Sheets are important product made from Pure Lead / Lead Alloy.
Lead Sheets have major importance in chemical and related industries as
Lead Metal being resistant against wide range of chemicals.
Lead Sheets are also used in x-ray and gamma-ray protection,
building construction for roofing and flashing, shower pans,
flooring, vibration damping and soundproofing. Lead Sheets are used
in chemical industries and building construction is made from either
Pure Lead or Lead-Antimonial Alloy up to 6% normally. Calcium-Lead
and Calcium-Lead-Tin Alloys are also suitable for many of these
applications of Lead Sheets Manufacturing.
Lead Sheets from 0.5mm to 60mm thickness, length up to
80' ft and width up to 6.5' ft subject to the thickness. Our normal
composition options are:
Pure / Chemical Lead
(2) Antimonial Lead
(3) Calcium Lead
We also offers custom Lead Alloys to meet your specifications to
produce Lead sheets.
The benefits of
Lead Sheets are considerable: it is rugged,
flexible and long lasting and has considerable aesthetic appeal.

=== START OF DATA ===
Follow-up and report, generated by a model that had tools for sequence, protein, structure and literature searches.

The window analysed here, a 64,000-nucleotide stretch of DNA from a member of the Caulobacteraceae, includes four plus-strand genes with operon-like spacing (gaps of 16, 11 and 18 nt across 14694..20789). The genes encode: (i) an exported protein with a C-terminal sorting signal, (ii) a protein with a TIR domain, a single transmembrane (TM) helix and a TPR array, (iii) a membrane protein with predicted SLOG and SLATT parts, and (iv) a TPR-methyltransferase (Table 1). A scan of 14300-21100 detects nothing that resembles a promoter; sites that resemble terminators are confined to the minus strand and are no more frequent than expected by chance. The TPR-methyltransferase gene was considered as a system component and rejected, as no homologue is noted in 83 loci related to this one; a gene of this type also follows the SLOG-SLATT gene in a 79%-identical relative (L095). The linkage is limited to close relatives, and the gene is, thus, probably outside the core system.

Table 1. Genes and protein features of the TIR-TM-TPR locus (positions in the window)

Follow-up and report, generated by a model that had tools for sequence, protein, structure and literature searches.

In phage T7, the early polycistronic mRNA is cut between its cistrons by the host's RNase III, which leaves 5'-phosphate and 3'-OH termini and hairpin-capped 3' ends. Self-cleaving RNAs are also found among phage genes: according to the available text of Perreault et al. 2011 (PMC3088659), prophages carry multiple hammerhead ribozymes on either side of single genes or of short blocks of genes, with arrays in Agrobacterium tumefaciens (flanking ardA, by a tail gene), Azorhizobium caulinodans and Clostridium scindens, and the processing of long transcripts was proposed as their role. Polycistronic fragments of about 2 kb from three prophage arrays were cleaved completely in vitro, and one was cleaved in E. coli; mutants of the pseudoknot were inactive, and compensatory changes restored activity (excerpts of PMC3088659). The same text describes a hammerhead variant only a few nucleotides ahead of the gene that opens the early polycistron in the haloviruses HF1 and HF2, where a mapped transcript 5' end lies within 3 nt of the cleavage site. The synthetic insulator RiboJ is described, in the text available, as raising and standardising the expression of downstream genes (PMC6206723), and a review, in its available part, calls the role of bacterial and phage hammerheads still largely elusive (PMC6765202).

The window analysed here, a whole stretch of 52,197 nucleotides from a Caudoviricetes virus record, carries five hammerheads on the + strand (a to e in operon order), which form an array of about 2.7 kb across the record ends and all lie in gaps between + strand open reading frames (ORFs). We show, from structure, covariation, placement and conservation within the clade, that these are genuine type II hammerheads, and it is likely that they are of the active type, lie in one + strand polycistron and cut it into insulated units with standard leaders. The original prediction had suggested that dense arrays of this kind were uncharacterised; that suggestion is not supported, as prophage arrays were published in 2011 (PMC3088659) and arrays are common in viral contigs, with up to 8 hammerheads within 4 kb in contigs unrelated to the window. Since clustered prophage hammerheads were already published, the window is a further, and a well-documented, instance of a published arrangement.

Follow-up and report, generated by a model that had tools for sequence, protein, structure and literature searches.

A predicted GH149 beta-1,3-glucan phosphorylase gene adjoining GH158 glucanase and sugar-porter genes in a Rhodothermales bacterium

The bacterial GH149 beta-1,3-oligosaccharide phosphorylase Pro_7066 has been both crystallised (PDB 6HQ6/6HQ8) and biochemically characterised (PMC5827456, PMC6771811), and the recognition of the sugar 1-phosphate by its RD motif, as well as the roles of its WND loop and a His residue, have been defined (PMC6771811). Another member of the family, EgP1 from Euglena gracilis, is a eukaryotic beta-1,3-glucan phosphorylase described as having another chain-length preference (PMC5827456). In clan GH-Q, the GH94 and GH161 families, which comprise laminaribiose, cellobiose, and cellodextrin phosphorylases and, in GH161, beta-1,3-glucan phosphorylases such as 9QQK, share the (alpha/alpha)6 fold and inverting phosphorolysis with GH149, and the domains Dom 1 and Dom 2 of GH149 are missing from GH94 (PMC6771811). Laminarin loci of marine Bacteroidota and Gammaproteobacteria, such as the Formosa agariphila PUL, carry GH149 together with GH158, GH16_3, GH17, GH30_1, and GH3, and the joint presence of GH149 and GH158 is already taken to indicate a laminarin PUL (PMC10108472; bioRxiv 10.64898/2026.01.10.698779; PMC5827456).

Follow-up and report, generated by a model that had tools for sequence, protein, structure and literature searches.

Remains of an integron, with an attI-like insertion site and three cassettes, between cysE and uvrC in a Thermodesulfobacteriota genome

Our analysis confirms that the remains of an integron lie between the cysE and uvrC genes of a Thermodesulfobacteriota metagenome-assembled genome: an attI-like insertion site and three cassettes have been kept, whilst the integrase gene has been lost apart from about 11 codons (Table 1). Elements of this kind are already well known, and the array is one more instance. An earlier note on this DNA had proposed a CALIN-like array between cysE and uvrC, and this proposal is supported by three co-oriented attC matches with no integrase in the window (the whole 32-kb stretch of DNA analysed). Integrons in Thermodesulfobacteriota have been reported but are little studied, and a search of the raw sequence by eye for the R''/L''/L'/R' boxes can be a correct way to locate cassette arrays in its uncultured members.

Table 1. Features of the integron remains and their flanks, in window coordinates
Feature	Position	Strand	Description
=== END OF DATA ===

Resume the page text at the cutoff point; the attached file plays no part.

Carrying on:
Around 75% of the Lead Sheets consumed by the building industry is
used as flashings or weathering to prevent water penetrating at
points such as the bases of chimney stacks and abutments. The
remaining 25% are used to make Lead Roofing Sheets and
cladding. The use of Lead for roofing is by no means confined to
traditional applications such as churches and historic buildings;
architects have been won over to the attractive and long lasting
properties of Lead Sheets for modern buildings, both for roofing and
for the vertical cladding of external walls.
By virtue of its
resistance to chemical corrosion, Lead Sheets also finds use for the
lining of chemical treatment baths, acid plants and storage vessels.
The high density of Lead Sheets and its "limpness" makes it a very
effective material for reducing the transmission of noise through
partitions and doors of comparatively lightweight construction.
Often the Lead Sheets are adhesively bonded to plywood or to other
building boards for convenience of handling. Current developments
include a whole range of composite materials employing Lead
for the reduction of noise in industry and from engines of all
sorts. A particular advantage of Lead's high density is that only
relatively thin layers are needed to suppress the transmission of
sound. This makes for important space savings in the design of large
modern buildings such as hotels and office blocks.